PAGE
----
Samantha Brown knows a good travel destination when she sees one, and St. Augustine checks all the boxes for her.
Brown is the host of the PBS travel show, Samantha Brown’s Places to Love. An episode of St. Augustine airs at 11 a.m. Saturday on Jacksonville’s WJCT. She spent four days exploring the city, its waters and beaches last May to record the episode. She had visited the city before, about 20 years ago, but this is the first time she has put on a show for St. Augustine.
Here are five things she loved about her visit.
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St. Augustine is widely promoted as the oldest city in America, so it was an obvious place to start with the show. She toured the Castillo de San Marcos National Monument in the heart of the city’s historic district, talking with park rangers about its time under Spanish rule, when escaped slaves who made it to the fort were granted Spanish citizenship. She visited Fort Mose State Historical Park, the site of the first legally sanctioned free African settlement.
She also spent time learning about St. Augustine’s pivotal role in the Civil Rights movement.
“The rich colonial history is just the beginning,” Brown said. “For me, it’s the real entry point to learning the city.”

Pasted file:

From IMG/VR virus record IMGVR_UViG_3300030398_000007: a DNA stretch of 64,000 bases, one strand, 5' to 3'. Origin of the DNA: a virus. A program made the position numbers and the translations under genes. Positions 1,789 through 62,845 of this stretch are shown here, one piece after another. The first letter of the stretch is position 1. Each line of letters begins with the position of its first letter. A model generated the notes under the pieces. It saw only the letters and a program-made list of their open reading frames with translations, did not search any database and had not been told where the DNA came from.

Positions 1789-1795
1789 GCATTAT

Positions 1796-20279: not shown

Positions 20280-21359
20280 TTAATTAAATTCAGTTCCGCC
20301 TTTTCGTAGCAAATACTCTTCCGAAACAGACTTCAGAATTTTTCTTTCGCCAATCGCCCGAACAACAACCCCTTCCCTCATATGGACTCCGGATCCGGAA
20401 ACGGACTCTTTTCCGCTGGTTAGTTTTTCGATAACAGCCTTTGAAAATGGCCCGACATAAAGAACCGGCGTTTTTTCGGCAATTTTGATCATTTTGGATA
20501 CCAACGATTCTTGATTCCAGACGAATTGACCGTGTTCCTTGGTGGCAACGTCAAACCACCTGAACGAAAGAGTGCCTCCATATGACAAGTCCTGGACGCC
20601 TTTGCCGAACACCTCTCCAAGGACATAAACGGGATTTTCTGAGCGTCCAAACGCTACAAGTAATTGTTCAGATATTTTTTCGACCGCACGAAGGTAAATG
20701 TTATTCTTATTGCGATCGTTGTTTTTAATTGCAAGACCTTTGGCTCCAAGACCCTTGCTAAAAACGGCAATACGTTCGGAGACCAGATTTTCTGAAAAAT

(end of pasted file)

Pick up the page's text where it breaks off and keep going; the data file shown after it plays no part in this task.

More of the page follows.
Brown has done previous episodes of “Places to Love” for the Naples area, the Florida Keys, Miami and Fort Meyers.
“Whenever I do Florida, I always try to find the people who are trying to protect its beauty,” she said.
This prompted him to make a trip to St. Augustine Eco Tours in Matanzas Bay, learning what is at risk and what is being done to protect the fragile ecosystem.
With this episode, she said, she wanted to show visitors that there’s more to St. Augustine than just “the oldest city.”
“You go to St. Augustine and there are a lot of travelers there,” she said. “It’s nice to get away from us and support local institutions.”
In the show, she visits Urban Asado, which now has a location on Riberia Street in St. Augustine, but was operating as a pop-up when she visited. The company makes high-end barbecue grills and now has a restaurant.
She also talks to photographer Lenny Foster, who runs the One Forty Four Gallery on King Street, to learn more about the role of St. Augustine and Martin Luther King Jr. in the civil rights struggle, something she said she was never taught in school.
Brown said she was surprised by the diversity she found in St. Augustine, racially, culturally and otherwise. “It’s the most diverse city I’ve ever been to in Florida.”
When travelers think of Florida, beaches are one of the first things that come to mind. For this episode, she visits the Guana Tolomato Matanzas Estuary National Research Reserve, which has miles of undeveloped beaches between St. Augustine and Ponte Vedra Beach. She hunted shark teeth with Rob and Chris Taylor, who live in St. Augustine and run the 2TravelDads blog aimed at LGBTQ family travelers.
In addition to Urban Asado, Brown visits the restaurant St. Augustine’s Llama, which specializes in Peruvian food. She sits down with chef Marcel Vizcarra, who trained at the best culinary school in Peru, at the Anastasia Boulevard restaurant. “They’re adventurous, they’re fun, they’re delicious,” she said. “It’s a really great dinner.”
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